Imaginary creatures help children stay still in MRI


With their long snouts and curly antennae, the Magnet Manikins can ease small children through the anxiety of a MR exam by explaining the basic principles of the modality in a whimsical setting.

Gabi Salomonowitz, a radiological technologist at the Akademie der Universitatskliniken in Vienna, Austria said she was inspired to create the booklet after noticing that many patient-friendly MRI guides were still quite technical.

"Several booklets on MR exist and they all try to explain the physics of MRI," she said. "My booklet lets the reader into a fantasy world ... to make MR understandable. The 'little patient' doesn't need to know much further information."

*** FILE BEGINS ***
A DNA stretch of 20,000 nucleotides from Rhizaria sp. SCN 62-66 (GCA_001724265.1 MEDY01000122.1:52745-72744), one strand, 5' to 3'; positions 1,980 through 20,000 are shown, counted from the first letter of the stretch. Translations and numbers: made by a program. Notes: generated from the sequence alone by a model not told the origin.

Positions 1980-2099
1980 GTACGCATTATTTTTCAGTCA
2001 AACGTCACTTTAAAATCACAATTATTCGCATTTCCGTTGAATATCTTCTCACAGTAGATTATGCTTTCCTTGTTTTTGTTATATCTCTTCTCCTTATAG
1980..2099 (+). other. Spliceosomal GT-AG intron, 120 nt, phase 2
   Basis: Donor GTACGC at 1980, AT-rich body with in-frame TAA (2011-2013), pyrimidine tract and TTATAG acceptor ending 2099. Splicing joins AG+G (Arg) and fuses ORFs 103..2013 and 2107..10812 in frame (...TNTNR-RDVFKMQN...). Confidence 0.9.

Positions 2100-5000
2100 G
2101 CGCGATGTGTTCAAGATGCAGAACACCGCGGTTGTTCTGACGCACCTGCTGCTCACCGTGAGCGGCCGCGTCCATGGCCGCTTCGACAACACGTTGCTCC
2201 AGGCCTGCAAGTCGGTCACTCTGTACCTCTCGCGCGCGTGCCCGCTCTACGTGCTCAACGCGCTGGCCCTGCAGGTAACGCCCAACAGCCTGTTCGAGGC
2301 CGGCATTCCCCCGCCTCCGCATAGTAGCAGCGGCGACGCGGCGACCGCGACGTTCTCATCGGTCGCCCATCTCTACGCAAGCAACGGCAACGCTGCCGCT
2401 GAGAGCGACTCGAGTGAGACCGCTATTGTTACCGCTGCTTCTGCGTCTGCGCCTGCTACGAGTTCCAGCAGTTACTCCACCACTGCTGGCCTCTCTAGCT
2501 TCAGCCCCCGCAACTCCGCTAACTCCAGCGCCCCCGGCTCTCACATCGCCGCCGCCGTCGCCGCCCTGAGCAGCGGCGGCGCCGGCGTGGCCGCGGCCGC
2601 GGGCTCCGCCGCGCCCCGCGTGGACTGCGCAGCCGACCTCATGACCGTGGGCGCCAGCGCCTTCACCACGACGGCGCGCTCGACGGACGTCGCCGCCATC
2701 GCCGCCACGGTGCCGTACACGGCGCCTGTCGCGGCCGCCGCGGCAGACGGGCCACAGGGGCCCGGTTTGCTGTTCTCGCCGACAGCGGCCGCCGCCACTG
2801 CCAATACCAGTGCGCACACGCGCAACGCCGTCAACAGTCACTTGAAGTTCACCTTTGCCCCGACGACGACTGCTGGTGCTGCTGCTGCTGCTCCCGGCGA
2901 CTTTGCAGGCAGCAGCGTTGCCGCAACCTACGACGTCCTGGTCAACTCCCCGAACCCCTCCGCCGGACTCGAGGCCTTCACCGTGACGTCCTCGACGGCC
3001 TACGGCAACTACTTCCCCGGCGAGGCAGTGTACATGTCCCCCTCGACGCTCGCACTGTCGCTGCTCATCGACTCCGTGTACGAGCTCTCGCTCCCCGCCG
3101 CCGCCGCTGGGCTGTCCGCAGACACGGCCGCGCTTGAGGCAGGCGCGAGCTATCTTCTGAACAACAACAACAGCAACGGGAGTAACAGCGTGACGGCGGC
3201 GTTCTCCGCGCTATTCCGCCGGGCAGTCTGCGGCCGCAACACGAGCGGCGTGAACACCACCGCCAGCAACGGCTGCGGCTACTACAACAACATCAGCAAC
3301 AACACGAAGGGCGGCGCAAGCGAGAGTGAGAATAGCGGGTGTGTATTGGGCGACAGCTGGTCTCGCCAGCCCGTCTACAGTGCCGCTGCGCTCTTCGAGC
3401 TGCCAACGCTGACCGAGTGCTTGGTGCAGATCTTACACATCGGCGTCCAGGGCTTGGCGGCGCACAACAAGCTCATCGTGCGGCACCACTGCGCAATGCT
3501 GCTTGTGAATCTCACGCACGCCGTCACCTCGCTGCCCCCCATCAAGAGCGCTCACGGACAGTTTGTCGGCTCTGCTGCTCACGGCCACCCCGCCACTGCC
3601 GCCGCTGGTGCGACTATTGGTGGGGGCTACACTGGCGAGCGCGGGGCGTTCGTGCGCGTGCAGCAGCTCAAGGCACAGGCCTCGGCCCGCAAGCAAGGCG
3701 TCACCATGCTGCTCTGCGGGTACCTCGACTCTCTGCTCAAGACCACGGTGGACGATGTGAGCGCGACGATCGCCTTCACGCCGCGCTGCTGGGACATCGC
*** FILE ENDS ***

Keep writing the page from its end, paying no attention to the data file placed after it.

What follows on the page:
In this story, the Magnet Manikins are small creatures who inhabit the equipment and are released during the procedure. Preparation, contraindications and the course of the examination are described.

In the end, if the patient remains still during imaging, the Manikins leap around with joy; if not, the drawing depicts the creatures looking downtrodden because they weren't able to do their job.

Salomonowitz said she targeted the book for "patients aged 4 to 120 years."

Available in English and German, The Story of the Magnet Manikins can be ordered through the Wilhelm Maudrich Verlag Medical Book Store in Austria at [email protected]

The ISBN number is 3-851785-739-4. The booklet retails for about 298 Austrian shillings or approximately $20. A stuffed Magnet Manikin toy can be purchased by contacting [email protected].

By Shalmali Pal staff writer
April 21, 2000

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